Green’s departure at USAID sparks debate about successor

John Barsa, USAID assistant administrator for Latin America and the Caribbean. Photo by: REUTERS / Adriano Machado

WASHINGTON — The White House announced Tuesday that John Barsa, currently the assistant administrator for the U.S. Agency for International Development’s Bureau for Latin America and the Caribbean, will serve as acting administrator of USAID after Mark Green departs on April 10.

“This is not the time for instability in leadership at the top.”

— Conor Savoy, executive director, Modernizing Foreign Assistance Network

Devex first reported that Barsa was likely to be the Trump administration's pick for the position — news that bucked convention by elevating an assistant administrator into the agency’s top job, instead of the existing deputy administrator, Bonnie Glick.

Prior to the White House announcement, Devex learned of an effort to push back against the decision to appoint Barsa, involving what one source described as “prominent outside development leaders” who were lobbying for Glick to take over instead.

Go more in-depth for Pro subscribers: Half of USAID's spending goes to 25 organizations. Who are they?

USAID wants to diversify its contractors to work with more local entities. But what does the data say?

“This is not the time for instability in leadership at the top. They should name the deputy administrator as the acting administrator. It will strengthen AID’s hand,” said Conor Savoy, executive director at the Modernizing Foreign Assistance Network, before the official announcement.

Savoy added that it remains unclear what the impact of the COVID-19 outbreak will be in low-income countries, and that with USAID poised to lead a potential response in these areas, the agency will need clear leadership.

None of the communications from Green or from the State Department about his impending departure have described a transition plan. The statement from the White House was the first communication of the Trump administration's decision.

Barsa was sworn in as USAID’s assistant administrator in June 2019 but has been affiliated with the Trump administration since the election. He was a member of Trump’s Department of Homeland Security “landing team,” tasked with coordinating the incoming administration’s approach to taking over the responsibilities of federal agencies.

In the 1990s, Barsa served as senior legislative assistant and press secretary for Rep. Lincoln Díaz-Balart, a Republican congressman from Florida, who has been heavily involved in Latin American policy issues. Like Díaz-Balart, Barsa is Cuban-American, his father fleeing Fidel Castro’s regime as a refugee.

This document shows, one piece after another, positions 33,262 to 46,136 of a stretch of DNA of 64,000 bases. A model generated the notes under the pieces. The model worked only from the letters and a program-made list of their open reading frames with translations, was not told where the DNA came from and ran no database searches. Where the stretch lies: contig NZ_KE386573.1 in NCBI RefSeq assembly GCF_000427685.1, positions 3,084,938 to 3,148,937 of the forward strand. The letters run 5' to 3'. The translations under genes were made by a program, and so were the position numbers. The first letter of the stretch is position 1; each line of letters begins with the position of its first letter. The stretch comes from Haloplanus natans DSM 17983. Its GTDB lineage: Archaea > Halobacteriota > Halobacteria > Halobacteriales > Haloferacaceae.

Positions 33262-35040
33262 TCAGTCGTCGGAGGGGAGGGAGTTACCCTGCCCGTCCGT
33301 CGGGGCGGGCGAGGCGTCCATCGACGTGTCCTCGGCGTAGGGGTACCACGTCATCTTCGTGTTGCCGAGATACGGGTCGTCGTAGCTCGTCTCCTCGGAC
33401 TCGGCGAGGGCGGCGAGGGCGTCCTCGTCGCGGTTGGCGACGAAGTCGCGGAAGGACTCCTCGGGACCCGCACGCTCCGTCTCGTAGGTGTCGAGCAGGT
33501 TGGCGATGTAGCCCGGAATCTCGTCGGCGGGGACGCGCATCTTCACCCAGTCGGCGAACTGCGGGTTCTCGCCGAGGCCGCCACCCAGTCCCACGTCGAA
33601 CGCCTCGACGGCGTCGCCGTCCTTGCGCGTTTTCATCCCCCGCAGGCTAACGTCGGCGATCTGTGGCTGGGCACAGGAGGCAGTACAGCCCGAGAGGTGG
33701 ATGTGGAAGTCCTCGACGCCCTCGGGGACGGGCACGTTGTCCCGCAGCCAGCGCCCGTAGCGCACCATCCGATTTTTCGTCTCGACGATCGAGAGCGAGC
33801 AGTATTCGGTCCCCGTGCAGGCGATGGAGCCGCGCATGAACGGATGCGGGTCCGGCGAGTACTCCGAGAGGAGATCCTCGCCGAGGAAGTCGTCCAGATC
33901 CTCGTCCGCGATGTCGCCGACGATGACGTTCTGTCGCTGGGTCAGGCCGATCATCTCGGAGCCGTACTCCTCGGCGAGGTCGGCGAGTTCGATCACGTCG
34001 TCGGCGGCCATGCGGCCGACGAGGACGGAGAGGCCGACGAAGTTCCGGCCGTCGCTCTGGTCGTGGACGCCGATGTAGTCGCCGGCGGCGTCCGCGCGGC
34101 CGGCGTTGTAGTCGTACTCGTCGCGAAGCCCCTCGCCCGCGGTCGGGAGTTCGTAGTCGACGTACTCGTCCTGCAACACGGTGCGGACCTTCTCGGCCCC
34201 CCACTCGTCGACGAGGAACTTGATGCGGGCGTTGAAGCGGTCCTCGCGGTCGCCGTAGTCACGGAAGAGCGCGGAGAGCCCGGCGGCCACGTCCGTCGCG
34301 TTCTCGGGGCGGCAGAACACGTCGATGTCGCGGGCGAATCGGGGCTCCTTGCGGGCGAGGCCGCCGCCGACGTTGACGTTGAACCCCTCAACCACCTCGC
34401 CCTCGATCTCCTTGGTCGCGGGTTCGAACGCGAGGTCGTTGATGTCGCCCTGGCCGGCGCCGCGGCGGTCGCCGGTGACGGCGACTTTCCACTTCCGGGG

Barsa has alternated between government service — including at the Department of Homeland Security and the National Aeronautics and Space Administration — and working as a lobbyist. At his own firm, Barsa Strategies, Barsa provided lobbying and government relations services to firms working in the homeland security and national security sectors.

On Monday, after Green announced his plans to step down, U.S. aid advocates called for the agency to be led by someone who can maintain bipartisan support for U.S. development programs. While the outgoing administrator has been lauded for his ability to find supporters on both sides of the aisle, Barsa appears to cut a more partisan profile.

Older posts from his personal Twitter feed include harsh criticisms of Democratic lawmakers, including a 2009 insinuation that every House Democrat is “a brainless socialist toad.”

Update, March 17, 2020: This article has been updated to include a White House announcement naming John Barsa as USAID’s acting administrator.

About the author

  • Igoe michael 1

    Michael Igoe

    Michael Igoe is a Senior Reporter with Devex, based in Washington, D.C. He covers U.S. foreign aid, global health, climate change, and development finance. Prior to joining Devex, Michael researched water management and climate change adaptation in post-Soviet Central Asia, where he also wrote for EurasiaNet. Michael earned his bachelor's degree from Bowdoin College, where he majored in Russian, and his master’s degree from the University of Montana, where he studied international conservation and development.